The summer solstice marks the midpoint of the melting season for arctic sea ice. This year we are on track for another record low. The minimum extent of arctic sea ice occurs near the autumnal equinox, which is on September 22nd this year (14:21 MT on a Thursday); on that day the sun will dip below the horizon, and a frigid night will fall on parts of the arctic. Until that time the constant sun will melt anything it touches.
About a week ago the National Snow and Ice Data Center (NSDIC) completed transition of sea ice data gathering from the broken DMSP (Defense Meteorological Satellite Program) F-17 satellite to DMSP F-18. The data from DMSP F-18 had been considered provisional, and showed a shockingly low total arctic sea ice trend. The DMSP F-18 data is no longer provisional, and neither is the shocking sea ice trend.
Arctic sea ice coverage data provide some of the most objective information about the heat level of the planet. Melting sea ice will not raise the level of the oceans. One reason the arctic sea ice coverage is such a good data set is that sea ice looks a lot different than ocean water. This makes it ideal for remote sensing.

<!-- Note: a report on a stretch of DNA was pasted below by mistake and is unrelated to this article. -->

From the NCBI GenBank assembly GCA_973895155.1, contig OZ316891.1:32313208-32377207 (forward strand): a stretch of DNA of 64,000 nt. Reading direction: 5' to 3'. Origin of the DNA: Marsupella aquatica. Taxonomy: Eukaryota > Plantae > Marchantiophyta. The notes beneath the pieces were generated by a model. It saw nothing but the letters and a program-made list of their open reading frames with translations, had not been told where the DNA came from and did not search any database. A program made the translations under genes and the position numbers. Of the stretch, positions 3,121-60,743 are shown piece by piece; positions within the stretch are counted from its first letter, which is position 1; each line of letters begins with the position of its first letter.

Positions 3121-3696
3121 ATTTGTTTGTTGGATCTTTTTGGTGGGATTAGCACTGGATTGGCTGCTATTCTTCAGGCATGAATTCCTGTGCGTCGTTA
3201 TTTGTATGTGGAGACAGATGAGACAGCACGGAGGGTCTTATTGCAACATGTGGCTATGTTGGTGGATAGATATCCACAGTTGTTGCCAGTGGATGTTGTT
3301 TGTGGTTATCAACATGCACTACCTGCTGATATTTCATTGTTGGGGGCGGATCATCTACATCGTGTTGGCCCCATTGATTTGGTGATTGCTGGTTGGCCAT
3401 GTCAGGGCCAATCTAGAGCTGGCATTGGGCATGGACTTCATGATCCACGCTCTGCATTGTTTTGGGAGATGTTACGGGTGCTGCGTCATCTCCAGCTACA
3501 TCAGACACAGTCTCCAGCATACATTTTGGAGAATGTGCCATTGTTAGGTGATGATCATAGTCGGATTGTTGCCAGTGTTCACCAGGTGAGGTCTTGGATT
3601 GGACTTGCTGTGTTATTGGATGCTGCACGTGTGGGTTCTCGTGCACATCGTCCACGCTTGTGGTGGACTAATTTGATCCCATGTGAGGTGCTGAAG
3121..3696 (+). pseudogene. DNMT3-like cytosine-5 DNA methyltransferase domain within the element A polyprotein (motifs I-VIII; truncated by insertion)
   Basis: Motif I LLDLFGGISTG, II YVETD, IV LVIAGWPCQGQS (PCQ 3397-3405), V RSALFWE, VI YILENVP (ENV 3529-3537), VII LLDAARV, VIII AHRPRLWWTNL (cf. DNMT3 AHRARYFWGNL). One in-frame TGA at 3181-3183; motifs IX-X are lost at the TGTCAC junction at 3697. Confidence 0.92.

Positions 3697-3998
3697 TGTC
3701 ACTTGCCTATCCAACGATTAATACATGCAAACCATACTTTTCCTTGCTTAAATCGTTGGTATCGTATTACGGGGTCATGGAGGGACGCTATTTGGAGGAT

An area is considered covered if it is at least 15% sea ice. This means that there is a lot of open ocean in areas that are scored as covered by sea ice. This also means that weather phenomena can compress the sea ice into a very small area, and make it look like a lot of sea ice has been lost at once. This sort of adjustment is common this time of year, and we have not seen a big adjustment in this year's data yet. There was a big adjustment just prior to the summer solstice in 2012, and the current sea ice levels are almost exactly what the post solstice 2012 levels were. If there is an adjustment this year we could see a very low record low level of Arctic sea ice. If there is no adjustment we may see a record low similar to that seen in 2012.
Because there are so many active climate change deniers making noises this campaign year I feel somewhat like I should say something about trendings and confidence intervals. Instead I am just going to wave my little flag and tell you, my readers, that it looks like some interesting data are on their way.